Many people that are religious look to God for guidance and comfort. Especially in disastrous situations. In Yann Martel’s novel, Life of Pi, the theme of will to survive is presented and demonstrated as having faith, letting animal instincts take over, and determination.
Pi keeping his faith shows how strong his faith in God is. He discusses some Hindu symbolism to describe how insignificant he feels, then “mumbled words of Muslim prayer and went back to sleep”(177). Praying is a sign of hope for Pi. Pi is hoping to live through the night and he is trusting God to keep him safe. Instead of being terrified, he trusts God enough that he is able to be comforted in a very vulnerable state. Describing religious rituals he practices, he says that “Faith in God is an opening up, a letting go, a deep trust, a free act of love-but sometimes it was so hard to love”(208). In Pi’s situation it is only natural to question God and fear that no one is watching out for him.
If he loses his belief then there is nothing holding him back from just giving up and dying. Pi is afraid of dying; even though he throws away a lifetime of vegetarianism, it does not mean that he will throw away a lifetime of faith in God. But after this, he says that his faith always remained “a shining point of light in my heart”(209). Even when he is contemplating the existence of God and his faith, he is determined to not lose faith and keep moving forward. His faith is what is keeping his confidence intact and not be filled with despair.
The instinct of survival and letting go of Pi’s moral human self shows his determination to survive. In Pi’s darkest moment he explains that “This was the terrible cost of Richard Parker. He gave me a life, my own, but at the expense of taking one. He ripped the flesh off the man’s frame and cracked his bones. The smell of blood filled my nose. Something in me died then that has never come back to life”(255). Pi is not only talking about killing another person, but he is talking about himself. Each time Pi took a life he was killing a piece of Pi’s old self. When he killed the Frenchman that is when all of Pi’s old self was killed and pure instinct took over. Pi can only bear to remember so much; he can list the sensations but he does not go into the awful event’s effect on his psyche. This moment, more than any other in the text, seems to mark an absence of God because of his hopelessness and guilt.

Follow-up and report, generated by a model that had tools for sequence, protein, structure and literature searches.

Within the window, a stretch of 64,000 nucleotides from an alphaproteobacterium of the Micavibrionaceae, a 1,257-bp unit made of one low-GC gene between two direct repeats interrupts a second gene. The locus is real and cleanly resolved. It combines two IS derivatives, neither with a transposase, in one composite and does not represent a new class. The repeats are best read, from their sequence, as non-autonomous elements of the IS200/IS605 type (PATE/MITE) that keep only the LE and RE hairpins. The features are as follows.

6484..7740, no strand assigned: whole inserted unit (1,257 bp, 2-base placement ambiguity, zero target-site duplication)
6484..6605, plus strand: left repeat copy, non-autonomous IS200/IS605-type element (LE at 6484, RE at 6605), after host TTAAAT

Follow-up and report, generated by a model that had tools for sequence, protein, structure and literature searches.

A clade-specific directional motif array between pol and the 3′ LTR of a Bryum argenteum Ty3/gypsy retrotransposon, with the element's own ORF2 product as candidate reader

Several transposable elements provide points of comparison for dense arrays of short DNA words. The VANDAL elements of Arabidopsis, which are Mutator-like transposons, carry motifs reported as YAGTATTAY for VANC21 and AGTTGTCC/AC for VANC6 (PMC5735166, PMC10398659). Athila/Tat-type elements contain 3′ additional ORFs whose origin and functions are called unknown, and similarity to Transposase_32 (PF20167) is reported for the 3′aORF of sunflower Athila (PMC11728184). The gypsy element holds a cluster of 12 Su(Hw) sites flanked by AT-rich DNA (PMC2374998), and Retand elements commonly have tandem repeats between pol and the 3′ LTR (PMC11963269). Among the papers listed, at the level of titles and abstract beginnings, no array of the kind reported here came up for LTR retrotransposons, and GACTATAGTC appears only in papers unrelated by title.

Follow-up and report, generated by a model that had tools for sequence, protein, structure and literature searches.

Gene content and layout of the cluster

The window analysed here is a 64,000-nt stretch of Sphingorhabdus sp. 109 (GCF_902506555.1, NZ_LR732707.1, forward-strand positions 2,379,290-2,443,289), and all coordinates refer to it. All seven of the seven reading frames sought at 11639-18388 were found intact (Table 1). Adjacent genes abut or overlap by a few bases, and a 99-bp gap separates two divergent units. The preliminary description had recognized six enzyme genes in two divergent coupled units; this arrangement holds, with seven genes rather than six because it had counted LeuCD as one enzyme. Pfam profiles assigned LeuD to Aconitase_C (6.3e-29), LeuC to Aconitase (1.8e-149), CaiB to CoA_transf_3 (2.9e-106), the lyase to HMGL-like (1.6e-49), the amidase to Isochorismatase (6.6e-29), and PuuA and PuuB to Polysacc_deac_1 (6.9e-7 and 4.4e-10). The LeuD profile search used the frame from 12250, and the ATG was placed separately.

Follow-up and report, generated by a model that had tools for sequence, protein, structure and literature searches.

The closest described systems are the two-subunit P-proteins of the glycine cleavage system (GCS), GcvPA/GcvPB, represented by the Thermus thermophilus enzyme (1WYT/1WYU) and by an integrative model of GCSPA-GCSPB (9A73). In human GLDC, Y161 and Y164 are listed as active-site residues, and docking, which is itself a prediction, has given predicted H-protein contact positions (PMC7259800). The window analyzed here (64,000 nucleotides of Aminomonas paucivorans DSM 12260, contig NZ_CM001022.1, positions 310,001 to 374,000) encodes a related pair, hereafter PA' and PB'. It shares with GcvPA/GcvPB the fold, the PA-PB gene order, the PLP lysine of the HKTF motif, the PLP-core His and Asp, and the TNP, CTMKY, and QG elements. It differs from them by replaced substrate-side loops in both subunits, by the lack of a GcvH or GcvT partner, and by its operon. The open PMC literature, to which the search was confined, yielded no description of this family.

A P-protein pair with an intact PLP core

It is also the moment where Pi’s life is most explicitly threatened. If Richard Parker is seen as a symbol of the pure survival instinct, this is the one moment in the text where that instinct wins out completely over morality and control. Describing the scarcity of food and water, Pi realizes “of how low I had sunk the day I noticed, with a pinching of the heart, that I ate like an animal, that this noisy, frantic, unchewing wolfing-down of mine was exactly the way Richard Parker ate”(225). He is starting to connect Richard Parker and himself. Pi’s subconscious makes up Richard Parker because he does not want to connect and accept responsibility for his animal-like actions. But when he starts connecting Richard Parker and himself, his is starting to realize that there is a connection and that in order to survive he must act animal-like. Even though he was vegetarian, he threw it away and ate viciously because he wanted to survive.
Determination is key to Pi’s survival and is what keeps him going. Pi says, “Didn’t I have here a perfect circus ring, inescapably round, without a single corner for him to hide in? . . . Wasn’t this an ideal source of treats with which to condition him to obey?”. Then he goes on asking if there was “any reward greater than life?”. This all shows how determined he is for survival. He starts showing confidence during the most chaotic and disastrous event of his life. Pi decided to “tame” Richard Parker so that he could “trick him into dying first, if we had to come to that sorry business”(165). This also makes Pi have a dominant attitude towards Richard Parker. By taming Richard Parker, Pi is basically saying that he is the alpha male. It makes him feel in control of his situation and himself. In the second story, Pi is talking about controlling his wild self. Restraining his instincts makes him seem more human. Either way, each story has determination to survive. His strong belief of God, his superior tone, the determination to live on, all support the presence of the will to survive. People must sacrifice things in order to remain alive. For Pi it was to sacrifice his morals and vegetarianism. For others it might be something different. But for survival, people have to sacrifice something in order to exist.